New Guinean quoll

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New Guinean quoll[1]
Scientific classification
Kingdom: Animalia
Phylum: Chordata
Class: Mammalia
Infraclass: Marsupialia
Order: Dasyuromorphia
Family: Dasyuridae
Genus: Dasyurus
Species: D. albopunctatus
Binomial name
Dasyurus albopunctatus
Schlegel, 1880
New Guinea Quoll.jpg
New Guinean quoll range

The New Guinean quoll (Dasyurus albopunctatus), also known as the New Guinea quoll or New Guinea native cat, is a carnivorous marsupial mammal native to New Guinea. It is the second-largest surviving marsupial carnivore of New Guinea.[3]


The New Guinean quoll belongs to Dasyuridae, a family of carnivorous marsupials, which includes other species of quolls, the extinct thylacine, the Tasmanian devil, and many smaller carnivores. It is one of six extant species of quolls, four of which are found in only in Australia and two of which are restricted to New Guinea (the bronze quoll is the other New Guinean species). Both the quolls found in New Guinea seem to be most closely related to the Australian western quoll.


The New Guinean quoll is small, usually weighing just over 1 lb (0.45 kg). Its body is brown and the back spotted with white; the spots do not extend onto the lightly haired tail. It resembles a cat-like opossum; the quolls are also referred to as "native cats" and occasionally "marsupial cats" or "tiger cats". Its feet have transversely striated pads, which is likely to be an adaptation for grip and is indicative of a life spent in the trees. It lives throughout the forests of New Guinea at elevations up to 11,000 ft (3300 m) but usually closer to 3,000 ft (900 m). The population appears to be centered in the highlands of New Guinea.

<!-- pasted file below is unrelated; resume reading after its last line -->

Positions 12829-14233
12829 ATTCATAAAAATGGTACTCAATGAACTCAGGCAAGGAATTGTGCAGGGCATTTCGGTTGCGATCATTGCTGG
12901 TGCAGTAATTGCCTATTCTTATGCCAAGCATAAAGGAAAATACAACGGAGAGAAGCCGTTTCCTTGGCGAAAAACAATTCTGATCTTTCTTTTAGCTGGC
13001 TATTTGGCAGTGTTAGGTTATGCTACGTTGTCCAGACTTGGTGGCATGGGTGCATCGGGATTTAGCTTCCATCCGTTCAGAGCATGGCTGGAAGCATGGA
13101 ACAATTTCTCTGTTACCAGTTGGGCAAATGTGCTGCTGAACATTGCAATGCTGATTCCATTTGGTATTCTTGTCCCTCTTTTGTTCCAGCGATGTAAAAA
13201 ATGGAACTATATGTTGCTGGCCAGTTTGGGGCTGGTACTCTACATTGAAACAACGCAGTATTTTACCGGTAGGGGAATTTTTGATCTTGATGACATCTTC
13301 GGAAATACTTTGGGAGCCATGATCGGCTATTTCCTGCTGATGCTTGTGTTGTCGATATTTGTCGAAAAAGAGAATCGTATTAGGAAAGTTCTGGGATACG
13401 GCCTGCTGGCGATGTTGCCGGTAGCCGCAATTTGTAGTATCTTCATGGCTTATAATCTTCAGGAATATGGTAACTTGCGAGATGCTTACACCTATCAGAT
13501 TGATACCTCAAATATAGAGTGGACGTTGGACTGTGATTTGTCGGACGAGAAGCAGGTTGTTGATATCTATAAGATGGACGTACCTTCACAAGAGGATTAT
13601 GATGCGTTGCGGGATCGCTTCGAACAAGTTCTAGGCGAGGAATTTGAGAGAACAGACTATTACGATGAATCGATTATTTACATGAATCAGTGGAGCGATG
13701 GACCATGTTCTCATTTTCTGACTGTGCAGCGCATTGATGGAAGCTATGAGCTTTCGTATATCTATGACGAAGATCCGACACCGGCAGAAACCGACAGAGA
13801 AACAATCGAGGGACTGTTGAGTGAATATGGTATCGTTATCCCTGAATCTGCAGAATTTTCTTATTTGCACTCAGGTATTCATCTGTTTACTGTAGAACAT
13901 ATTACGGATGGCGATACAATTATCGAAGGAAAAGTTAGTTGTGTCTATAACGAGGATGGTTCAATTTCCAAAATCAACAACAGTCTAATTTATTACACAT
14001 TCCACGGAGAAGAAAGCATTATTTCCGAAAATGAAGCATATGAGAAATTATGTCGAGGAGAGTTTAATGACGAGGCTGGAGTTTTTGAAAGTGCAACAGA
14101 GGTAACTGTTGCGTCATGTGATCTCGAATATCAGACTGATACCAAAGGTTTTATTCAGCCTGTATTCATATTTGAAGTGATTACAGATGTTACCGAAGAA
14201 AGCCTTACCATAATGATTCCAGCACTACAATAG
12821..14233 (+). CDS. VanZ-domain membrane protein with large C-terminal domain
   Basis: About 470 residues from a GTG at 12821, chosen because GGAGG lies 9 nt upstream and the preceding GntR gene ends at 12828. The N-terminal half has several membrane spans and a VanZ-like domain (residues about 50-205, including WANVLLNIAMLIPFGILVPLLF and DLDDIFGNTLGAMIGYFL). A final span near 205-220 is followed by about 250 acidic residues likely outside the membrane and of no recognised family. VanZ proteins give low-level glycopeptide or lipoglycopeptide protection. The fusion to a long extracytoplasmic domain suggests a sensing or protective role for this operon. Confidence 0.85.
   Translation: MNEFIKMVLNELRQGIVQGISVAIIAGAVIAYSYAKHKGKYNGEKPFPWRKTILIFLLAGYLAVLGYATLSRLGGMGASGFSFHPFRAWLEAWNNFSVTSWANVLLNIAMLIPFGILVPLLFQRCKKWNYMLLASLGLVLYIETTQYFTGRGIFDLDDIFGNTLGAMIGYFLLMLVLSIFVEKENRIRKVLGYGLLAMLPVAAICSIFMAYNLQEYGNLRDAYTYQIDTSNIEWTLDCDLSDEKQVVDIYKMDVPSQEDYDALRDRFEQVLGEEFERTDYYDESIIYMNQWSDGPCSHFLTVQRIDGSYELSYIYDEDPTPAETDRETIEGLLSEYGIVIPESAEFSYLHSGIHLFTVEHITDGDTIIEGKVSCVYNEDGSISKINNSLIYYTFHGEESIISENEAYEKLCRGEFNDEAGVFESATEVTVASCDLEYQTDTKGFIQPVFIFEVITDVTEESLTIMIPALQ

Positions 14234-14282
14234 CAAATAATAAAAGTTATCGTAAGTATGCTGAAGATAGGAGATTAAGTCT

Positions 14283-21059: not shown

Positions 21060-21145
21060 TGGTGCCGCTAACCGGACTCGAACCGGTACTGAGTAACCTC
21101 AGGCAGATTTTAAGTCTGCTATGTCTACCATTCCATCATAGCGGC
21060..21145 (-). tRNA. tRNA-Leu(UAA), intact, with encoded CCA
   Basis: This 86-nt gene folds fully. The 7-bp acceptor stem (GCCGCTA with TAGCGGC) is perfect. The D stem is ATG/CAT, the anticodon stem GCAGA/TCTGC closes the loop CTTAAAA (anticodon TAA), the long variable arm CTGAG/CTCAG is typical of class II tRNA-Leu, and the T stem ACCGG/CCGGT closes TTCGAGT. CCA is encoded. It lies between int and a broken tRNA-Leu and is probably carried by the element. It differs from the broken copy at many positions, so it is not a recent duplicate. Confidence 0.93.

Behaviour and diet[edit]

Quolls feed on a large range of prey, including birds, rats, other marsupials, small reptiles, and insects. They are reported to feed on prey larger than themselves. They are good climbers, but also spend time on the forest floor. Although nocturnal, they spend the daylight hours basking in the sun. They nest in rocky banks, hollow logs, or small caves. In captivity, the longest recorded survival is three years, but their lifespan in the wild is unknown.


The number of New Guinean quolls is believed to be decreasing as a result of human encroachment into their habitat and the associated loss of cover. Because they are known to scavenge, persecution by humans may be putting pressure on the population. They also face predation and competition from introduced species such as dogs, cats and foxes.


  1. ^ Groves, C.P. (2005). Wilson, D.E.; Reeder, D.M., eds. Mammal Species of the World: A Taxonomic and Geographic Reference (3rd ed.). Baltimore: Johns Hopkins University Press. p. 25. ISBN 0-801-88221-4. OCLC 62265494. 
  2. ^ Woolley, P.; Leary, T.; Seri, L.; Flannery, T.; Wright, D.; Hamilton, S.; Helgen, K.; Singadan, R.; Menzies, J.; Allison, A.; et al. (2008). "Dasyurus albopunctatus". IUCN Red List of Threatened Species. Version 2008. International Union for Conservation of Nature. Retrieved 28 December 2008. 
  3. ^ Only the bronze quoll (Dasyurus spartacus) is larger.


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